The person must have the ability and knowledge to reach the goal. If not, the leader’s job is to make sure he/she gets the needed training and resources.
When people are learning a new job, industry, or skill, output goals should be replaced with learning goals. An example of this condition is to set a goal like, “discover five new ways to reach a new market with a current product.” This would be more effective than setting a goal of increasing market share for current products by 10%. The lesson here is that when learning is occurring, a learning goal prioritizes attention on problem-solving.
If a stretch goal is quite a way in the distance, set sub-goals for quick successes to keep people committed. Especially in times of change, sub-goals allow people to gauge their efforts against what is required of them to attain their goals.

What’s the “bottom line?” Ensure your people have what they need to succeed, and if there are obstacles in the way of their success, work together to find a way around them.
Adapted from the article:
Latham, G. (2004). The motivational benefits of goal-setting. Academy of Management Executive , 18(4), 126-129.


In the current business economy where more and more work is being done globally, higher level skills like independence, problem-solving, creativity, experience, pursuit of long-term goals, and self-motivation are prized. With historical focus on efficiency and mass production, jobs were distilled to the barest routines. This focus on job design will not sustain businesses into the future.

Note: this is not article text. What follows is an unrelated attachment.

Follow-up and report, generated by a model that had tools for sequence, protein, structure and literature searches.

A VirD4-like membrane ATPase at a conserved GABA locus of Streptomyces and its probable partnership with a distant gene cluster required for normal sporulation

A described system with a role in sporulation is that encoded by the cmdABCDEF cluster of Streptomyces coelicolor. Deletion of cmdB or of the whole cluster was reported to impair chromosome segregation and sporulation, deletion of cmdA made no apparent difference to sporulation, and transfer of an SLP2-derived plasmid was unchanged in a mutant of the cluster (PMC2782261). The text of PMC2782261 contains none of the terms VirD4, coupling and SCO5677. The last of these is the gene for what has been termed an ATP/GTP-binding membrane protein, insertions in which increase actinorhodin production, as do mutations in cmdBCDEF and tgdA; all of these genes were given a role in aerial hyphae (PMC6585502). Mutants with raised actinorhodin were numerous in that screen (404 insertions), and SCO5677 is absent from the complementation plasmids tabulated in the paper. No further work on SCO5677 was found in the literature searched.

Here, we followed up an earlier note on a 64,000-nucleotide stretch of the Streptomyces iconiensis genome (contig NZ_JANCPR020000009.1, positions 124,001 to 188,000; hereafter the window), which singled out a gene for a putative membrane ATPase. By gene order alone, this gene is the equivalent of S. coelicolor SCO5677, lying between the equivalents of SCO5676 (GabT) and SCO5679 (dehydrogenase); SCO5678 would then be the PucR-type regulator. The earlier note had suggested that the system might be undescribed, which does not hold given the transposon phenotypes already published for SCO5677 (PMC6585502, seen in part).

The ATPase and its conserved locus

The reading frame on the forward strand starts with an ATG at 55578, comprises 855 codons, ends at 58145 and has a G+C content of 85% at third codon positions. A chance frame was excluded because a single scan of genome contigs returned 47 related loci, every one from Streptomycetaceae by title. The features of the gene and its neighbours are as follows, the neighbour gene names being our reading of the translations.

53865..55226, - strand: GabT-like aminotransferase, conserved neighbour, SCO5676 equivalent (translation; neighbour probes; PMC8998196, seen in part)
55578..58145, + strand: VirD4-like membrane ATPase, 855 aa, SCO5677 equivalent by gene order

Job enrichment, proposed originally by Herzberg, can bring back the focus on motivation through job design. How can jobs be redesigned for a richer and more motivating experience?

Personalize the job through skill variety (Brown, n.d.). Use job analysis to understand what the company needs from the position and the definition of success in that position. It should be interdependent with other positions and functions. Then find the right person.
Ensure the employee knows how his/her job is connected to company goals. Commitment and motivation comes from knowing what you do can make a difference to the community and the organization.
Give employees authority and balance it with accountability. Both these elements should be clearly defined and communicated so the employee builds confidence in his/her new role.
Deliver consistent feedback, both formal and informal. Doing so allows the employee to make adjustments as he/she learns the new position.
Reinforce the new responsibility. Set learning goals as well as productivity goals depending on the level of knowledge held by the employee in a variety of areas. (See lecture “Goal Setting as Motivation” for more information about learning goals.)
Develop plans for individual development. Career and life goal planning should never end, regardless of the interesting job your company has created.

Brown, R. (n.d.). Design jobs that motivate and develop people. Retrieved from